This Couple Is Expecting Two Babies — Because They're Both Pregnant At the Same Time
Being pregnant at the same time as your best friend sounds like a dream come true. You'd have a built in support system who knows exactly what you're going through. But for one married couple, that dream is actually their reality - they're both expecting babies at the same time.
In a sweet Instagram pregnancy announcement, celebrity makeup artist Toby Fleischman shared the news that she and her wife Lindsay Lanciault are both pregnant. Oh - and their due dates are only 3 weeks apart, with their "twinblings" both due this summer.
"Everyone always says they want to get pregnant with their best friend," Fleischman wrote in her caption, accompanying a photo of the two holding complementary "It's a boy"/"It's also a boy" signs. "And I just happened to be lucky enough to be married to mine."
"Parallel pregnancies" for lesbian couples aren't common, according to Dr. Kristin Bendikson, a fertility specialist at USC Fertility. "The only time I've seen it happen is when I was a resident - and that was, like, 20 years ago," Dr. Bendikson told PopSugar while discussing the Fleischman-Lanciault family's story. "The overwhelming majority of lesbian couples that I see are usually focused on one person getting pregnant at a time."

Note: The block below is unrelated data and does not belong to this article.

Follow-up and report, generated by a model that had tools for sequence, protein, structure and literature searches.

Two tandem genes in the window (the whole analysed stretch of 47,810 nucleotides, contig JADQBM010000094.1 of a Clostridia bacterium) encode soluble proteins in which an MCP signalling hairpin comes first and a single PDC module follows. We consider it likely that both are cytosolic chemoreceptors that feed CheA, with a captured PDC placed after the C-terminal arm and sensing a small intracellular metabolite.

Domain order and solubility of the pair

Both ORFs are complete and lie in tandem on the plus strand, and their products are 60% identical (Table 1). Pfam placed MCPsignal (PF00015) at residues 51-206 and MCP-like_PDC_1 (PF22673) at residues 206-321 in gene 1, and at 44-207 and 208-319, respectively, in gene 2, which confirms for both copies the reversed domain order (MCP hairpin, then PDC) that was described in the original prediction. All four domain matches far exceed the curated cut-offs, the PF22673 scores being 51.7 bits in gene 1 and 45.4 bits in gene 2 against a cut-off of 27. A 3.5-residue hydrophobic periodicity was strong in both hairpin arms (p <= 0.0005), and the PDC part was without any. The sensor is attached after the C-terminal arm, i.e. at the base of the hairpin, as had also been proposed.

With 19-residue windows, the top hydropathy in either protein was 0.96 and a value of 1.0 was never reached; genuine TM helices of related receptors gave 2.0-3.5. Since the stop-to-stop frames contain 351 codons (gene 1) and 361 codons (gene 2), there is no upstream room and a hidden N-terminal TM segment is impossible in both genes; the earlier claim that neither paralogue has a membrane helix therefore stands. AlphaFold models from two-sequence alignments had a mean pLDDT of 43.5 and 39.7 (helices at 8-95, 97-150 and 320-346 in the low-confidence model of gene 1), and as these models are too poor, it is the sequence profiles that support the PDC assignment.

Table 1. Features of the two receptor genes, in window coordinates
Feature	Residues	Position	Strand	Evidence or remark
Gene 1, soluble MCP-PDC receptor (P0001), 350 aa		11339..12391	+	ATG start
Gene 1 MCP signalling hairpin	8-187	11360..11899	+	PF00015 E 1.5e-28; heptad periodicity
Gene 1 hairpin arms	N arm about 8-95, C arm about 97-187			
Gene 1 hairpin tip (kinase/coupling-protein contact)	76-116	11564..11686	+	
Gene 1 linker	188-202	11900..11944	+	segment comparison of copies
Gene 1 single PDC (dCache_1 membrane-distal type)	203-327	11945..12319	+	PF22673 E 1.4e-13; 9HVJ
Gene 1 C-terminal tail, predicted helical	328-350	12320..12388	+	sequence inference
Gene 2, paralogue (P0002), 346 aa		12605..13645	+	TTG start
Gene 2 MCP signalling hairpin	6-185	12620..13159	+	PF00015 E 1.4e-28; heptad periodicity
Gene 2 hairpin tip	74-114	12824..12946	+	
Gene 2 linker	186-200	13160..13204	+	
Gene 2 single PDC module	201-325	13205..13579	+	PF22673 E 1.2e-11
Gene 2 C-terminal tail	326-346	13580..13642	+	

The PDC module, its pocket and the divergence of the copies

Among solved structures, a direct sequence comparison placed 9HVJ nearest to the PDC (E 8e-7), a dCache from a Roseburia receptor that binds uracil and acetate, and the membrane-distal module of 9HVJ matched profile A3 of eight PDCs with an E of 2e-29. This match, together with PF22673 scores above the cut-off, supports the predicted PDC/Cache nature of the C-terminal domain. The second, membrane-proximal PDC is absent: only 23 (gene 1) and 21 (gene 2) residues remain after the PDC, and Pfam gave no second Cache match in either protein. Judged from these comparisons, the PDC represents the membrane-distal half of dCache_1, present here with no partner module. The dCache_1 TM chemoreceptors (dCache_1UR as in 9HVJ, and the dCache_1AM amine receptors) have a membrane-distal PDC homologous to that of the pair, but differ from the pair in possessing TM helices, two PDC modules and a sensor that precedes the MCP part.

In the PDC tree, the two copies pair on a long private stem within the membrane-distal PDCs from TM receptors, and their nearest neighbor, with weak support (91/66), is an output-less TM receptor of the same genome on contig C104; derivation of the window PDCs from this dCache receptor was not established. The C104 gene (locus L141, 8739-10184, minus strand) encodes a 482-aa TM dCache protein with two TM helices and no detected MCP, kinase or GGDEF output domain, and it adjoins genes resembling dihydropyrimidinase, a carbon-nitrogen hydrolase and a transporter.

The soon-to-be moms were in that same boat when they initially began their journey to motherhood. The Los Angeles couple explained to PopSugar that Fleischman, the older of the two, was planning on getting pregnant first. She successfully did, but that pregnancy ended in miscarriage. Complications arose, resulting in the two women having to find a new sperm donor and adding stress to their relationship, something that tends to happen when any couple is having difficulty conceiving.
But there was an added level of tension that's unique to lesbian couples struggling with one partner's impaired fertility - the eventual decision to shift and have Lanciault be the focus of new attempts to conceive. Those complicated feelings are a part of why the two chose to share their story. "I wish more women had spoken openly to me about it before and during our process. It wasn't until I started sharing the details with some friends that I learned I wasn't alone," Fleischman told Babble.
Eventually, with the help of their acupuncturist Danica Thornberry, the two women healed their rift and refocused on their now-joint efforts to have a baby. After two years of struggling to conceive, Fleischman found out she was pregnant in November, just as Lanciault was beginning to try. Lanciault became pregnant just a few weeks later, via the same sperm donor.
Though "elated" at the news, like many LGBTQ families, the pair were somewhat wary in light of Donald Trump's election. Because of this, they're taking precautions by adopting each other's birth child as early as legally possible, "just in case." They also noted that they feel the "challenge" of "this huge responsibility to raise respectful, compassionate, feminist men," given that they're two women expecting two boys.
Of course, there are some obvious downsides - like the high-than-average level of mood-swinging pregnancy hormones in their house. Fleischman told PopSugar, "[W]e go through waves - in one day - of being obsessed and in love with each other and so euphoric to 'I don't want to be next to you. Please don't talk to me.'"